US Republican presidential front-runner Donald Trump has come under fire from his rivals for saying Muslims hate the United States at a debate that was relatively free of the gut-punching attacks that have dominated past encounters.
Trump, the front-runner who could tighten his grip on the Republican presidential nomination battle if he wins Florida and Ohio on Tuesday, defended his belief, as stated in television interviews, that followers of Islam "hate us".
"We have a serious problem of hate. There is tremendous hate," Trump said.
But Trump's rivals, Senator Marco Rubio of Florida, Senator Ted Cruz of Texas and Ohio Governor John Kasich said the United States needs to maintain good relations with Muslim countries in the Middle East to help in the fight against Islamic State militants.
"We are going to have to work with people in the Muslim faith even as Islam faces a serious crisis within it," Rubio said.
Kasich, looking to win his home state of Ohio on Tuesday in order to keep his candidacy going, said Middle Eastern allies in the Arab world are essential.
"The fact is if we're going to defeat ISIS, we're going to have to have those countries," he said, citing Saudi Arabia, Jordan and Egypt.
Trump said he would consider as many as 40,000 US troops on the ground in the region to help defeat Islamic State, saying he would complete the mission quickly and bring them home to focus on rebuilding the United States.
The CNN-hosted debate took place at a crucial time, days before primary votes in Florida and Ohio that could catapult Trump even further despite an intense anti-Trump movement by establishment Republicans who are trying to deny him the party's presidential nomination.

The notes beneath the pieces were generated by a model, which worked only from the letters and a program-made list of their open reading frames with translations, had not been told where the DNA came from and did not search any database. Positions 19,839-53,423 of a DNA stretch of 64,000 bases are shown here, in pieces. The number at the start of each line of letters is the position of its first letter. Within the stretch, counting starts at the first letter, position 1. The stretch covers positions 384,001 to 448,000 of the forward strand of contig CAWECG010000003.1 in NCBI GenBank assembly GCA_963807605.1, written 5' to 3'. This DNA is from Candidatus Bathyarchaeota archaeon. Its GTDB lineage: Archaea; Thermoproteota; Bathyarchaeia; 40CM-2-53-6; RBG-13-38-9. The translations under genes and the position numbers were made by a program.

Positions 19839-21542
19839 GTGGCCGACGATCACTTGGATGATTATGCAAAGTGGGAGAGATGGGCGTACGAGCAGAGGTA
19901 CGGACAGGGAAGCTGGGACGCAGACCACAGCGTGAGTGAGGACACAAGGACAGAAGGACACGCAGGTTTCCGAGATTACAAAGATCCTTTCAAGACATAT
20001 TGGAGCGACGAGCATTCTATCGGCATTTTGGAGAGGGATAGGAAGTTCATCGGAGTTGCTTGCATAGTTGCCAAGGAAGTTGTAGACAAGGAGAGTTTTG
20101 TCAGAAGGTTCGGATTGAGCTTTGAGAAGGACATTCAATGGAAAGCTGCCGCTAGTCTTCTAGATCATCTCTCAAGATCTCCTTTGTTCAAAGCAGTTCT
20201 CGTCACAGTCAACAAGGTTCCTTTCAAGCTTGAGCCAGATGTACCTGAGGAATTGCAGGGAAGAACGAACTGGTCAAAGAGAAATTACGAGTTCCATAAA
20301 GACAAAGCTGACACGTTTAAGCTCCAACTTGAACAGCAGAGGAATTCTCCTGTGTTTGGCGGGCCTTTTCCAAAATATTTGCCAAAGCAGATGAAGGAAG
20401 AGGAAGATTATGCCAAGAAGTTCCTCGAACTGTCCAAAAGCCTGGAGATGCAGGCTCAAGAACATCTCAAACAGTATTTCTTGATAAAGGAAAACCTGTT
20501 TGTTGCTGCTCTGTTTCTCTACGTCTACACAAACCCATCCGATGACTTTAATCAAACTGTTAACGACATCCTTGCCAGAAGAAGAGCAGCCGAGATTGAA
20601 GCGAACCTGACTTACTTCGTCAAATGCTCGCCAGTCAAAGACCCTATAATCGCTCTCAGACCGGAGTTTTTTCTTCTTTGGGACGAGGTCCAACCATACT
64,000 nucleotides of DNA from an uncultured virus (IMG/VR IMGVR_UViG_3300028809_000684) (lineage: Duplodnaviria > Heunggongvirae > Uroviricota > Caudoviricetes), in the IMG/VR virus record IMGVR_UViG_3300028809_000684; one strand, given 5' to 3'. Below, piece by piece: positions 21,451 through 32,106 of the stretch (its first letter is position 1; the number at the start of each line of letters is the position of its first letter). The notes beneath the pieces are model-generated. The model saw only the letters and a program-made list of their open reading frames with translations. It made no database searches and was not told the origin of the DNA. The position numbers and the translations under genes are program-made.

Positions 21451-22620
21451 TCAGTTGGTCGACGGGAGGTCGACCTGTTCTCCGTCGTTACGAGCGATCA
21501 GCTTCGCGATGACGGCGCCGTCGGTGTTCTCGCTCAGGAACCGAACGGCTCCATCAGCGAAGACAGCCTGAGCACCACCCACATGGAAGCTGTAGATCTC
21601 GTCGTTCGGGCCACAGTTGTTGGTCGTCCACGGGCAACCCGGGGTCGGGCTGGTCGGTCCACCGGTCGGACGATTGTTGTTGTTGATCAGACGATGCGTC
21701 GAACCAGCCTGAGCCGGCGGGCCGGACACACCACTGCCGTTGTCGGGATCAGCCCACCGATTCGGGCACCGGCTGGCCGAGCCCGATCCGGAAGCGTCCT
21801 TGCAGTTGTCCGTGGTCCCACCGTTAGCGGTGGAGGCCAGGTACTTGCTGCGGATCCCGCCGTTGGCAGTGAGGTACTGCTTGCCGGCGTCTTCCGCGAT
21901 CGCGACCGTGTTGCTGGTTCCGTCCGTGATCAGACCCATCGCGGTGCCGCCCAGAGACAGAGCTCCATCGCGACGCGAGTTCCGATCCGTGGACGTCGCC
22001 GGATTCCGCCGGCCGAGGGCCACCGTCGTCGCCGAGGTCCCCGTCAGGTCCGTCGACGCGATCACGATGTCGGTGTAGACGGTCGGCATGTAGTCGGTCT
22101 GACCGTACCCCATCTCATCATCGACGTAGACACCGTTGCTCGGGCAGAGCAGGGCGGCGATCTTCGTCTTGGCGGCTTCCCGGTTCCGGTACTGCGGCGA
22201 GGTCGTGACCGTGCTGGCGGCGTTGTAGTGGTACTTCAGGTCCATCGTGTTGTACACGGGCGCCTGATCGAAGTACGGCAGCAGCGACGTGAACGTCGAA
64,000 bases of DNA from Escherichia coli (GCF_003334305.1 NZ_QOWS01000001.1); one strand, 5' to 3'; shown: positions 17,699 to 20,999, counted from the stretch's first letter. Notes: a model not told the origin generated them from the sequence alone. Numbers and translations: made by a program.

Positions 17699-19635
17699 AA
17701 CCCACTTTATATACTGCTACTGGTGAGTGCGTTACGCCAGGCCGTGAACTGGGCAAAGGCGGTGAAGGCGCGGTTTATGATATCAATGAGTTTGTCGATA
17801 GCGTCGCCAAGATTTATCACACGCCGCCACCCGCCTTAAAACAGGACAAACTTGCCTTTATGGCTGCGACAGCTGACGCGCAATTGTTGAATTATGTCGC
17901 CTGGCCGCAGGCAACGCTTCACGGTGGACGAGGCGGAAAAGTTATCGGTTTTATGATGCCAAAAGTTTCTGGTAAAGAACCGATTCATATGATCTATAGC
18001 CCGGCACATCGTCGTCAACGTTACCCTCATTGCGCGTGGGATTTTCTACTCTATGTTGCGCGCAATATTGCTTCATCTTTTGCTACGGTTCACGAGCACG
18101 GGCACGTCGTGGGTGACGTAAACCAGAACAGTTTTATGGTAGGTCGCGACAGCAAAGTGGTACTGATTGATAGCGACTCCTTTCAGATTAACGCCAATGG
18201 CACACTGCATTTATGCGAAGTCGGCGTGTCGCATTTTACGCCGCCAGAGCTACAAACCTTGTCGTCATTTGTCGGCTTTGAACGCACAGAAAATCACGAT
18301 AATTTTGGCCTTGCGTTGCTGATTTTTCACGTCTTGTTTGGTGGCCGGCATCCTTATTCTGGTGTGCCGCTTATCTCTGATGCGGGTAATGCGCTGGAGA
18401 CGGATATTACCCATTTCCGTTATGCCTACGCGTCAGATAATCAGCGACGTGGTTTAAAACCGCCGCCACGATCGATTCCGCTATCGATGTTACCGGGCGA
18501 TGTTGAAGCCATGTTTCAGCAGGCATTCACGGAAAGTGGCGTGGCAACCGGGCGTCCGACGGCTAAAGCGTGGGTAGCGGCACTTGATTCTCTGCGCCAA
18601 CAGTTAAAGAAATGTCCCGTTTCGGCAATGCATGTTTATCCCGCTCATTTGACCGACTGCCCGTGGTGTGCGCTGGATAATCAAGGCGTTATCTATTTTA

Both the Florida and Ohio Republican primaries award delegates on a winner-take-all basis, meaning that the winner of the popular vote is awarded the state's entire slate of delegates, making a victory in either state a big prize.
The two-hour debate included a sober discussion of pressing challenges from illegal immigration to reform of Social Security to free trade deals, a marked departure from the finger-pointing schoolyard taunts that the candidates have engaged in past debates.
Trump got a fresh injection of campaign momentum on Thursday with plans by rival Ben Carson, who is popular with conservatives, to endorse him.
Trump said Carson, a retired neurosurgeon who dropped out of the race March 4 after failing to gain traction in early voting states, would endorse him on Friday at an event in Florida.
The endorsement could help Trump settle the nerves of those conservative voters who have doubts about whether he truly is one of them.